Friday, July 11, 2014

Fiction Friday (31)

As a rule, I typically don't like to read books with a tone similar to one I'm hoping to capture in manuscripts that I'm working on at the time, but last week, I made an exception. I wasn't particularly looking for inspiration, I just really wanted to read this book. In the end, I did find a lot of inspiration that will guide me. But in some ways it is also frustrating to read something so well done, which makes one question their own writing choices. That is another reason why I like to avoid similar books while writing, not because I'm worried it will influence me but rather that it will discourage me. Thankfully, this book did more to inspire than discourage. And though from a place of personal jealously, I'm often upset by authors who receive praise upon praise, in Neil Gaiman's case, I've never felt it was unwarranted and therefore hold no resentment. His latest book is another gem. Enjoy.

The Ocean at the End of the Lane by Neil Gaiman
(William Morrow, 2013)

The title of this book alone was enough to have me believe it would be another interesting piece of imagination from the mind of Neil Gaiman. The title phrase alone, "Ocean at the End of the Lane", embodies the type of genius elements that I find in Gaiman's work, these sort of impossible things that exist unnoticed in the world. Coraline was like that, so was The Graveyard Book, and they both convinced me that the inclusion of these mysterious elements was well-suited for children's books, which have always been the realm of acceptable fantasy.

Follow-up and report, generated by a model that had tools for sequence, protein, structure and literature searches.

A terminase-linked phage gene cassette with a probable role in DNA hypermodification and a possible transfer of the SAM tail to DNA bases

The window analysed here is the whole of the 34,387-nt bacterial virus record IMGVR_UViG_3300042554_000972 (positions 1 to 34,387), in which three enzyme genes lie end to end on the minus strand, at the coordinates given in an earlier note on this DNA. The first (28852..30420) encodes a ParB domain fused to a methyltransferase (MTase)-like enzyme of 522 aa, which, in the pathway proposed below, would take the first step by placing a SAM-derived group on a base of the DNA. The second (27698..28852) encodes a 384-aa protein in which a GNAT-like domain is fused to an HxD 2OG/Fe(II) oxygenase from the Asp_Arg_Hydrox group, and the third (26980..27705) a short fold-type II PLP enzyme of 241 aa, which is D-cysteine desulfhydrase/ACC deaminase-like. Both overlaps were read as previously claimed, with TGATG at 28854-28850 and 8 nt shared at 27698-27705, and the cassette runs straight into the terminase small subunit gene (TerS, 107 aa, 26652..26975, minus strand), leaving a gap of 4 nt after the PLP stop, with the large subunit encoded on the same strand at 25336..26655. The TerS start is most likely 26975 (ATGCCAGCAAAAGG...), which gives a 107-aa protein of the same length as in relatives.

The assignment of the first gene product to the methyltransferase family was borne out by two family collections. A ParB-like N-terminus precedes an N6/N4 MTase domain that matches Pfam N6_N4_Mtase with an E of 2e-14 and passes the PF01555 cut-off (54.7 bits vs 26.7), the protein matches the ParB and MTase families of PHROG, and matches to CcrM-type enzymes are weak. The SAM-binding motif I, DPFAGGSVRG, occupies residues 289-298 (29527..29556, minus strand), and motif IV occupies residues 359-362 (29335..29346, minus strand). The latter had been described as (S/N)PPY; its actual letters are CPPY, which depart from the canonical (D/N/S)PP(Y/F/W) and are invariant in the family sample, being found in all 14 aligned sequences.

While The Ocean and the End of the Lane isn't a children's book, it does feature a child protagonist and exists within the world of childhood. When a man returns to his childhood home after the funeral of a parent, he visits the farm at the end of the lane where he grew up and then he begins to remember the remarkable tale which he'd inexplicably forgotten.

The story is filled with elements borrowed from fairy tales, myths, and the macabre, blended in an extraordinary way to reveal truths about the nature of the universe and the confusion that comes with being a child in a world that doesn't adhere to the sensible rules of a child's mind. After a man commits suicide on the lane, strange forces are awoken and the three Hempstock ladies, witch-like characters, are tasked with putting things right. The boy in the story inadvertently becomes involved in this drama, and gets caught in the middle of an ancient struggle between good vs. evil. The plot plays out in unexpected ways, capturing the dark spirit of horror and the noble expression of sacrifice.

This is one of those books that I wish would go on and on, but in a weird way, it's brevity proves to be its true genius.

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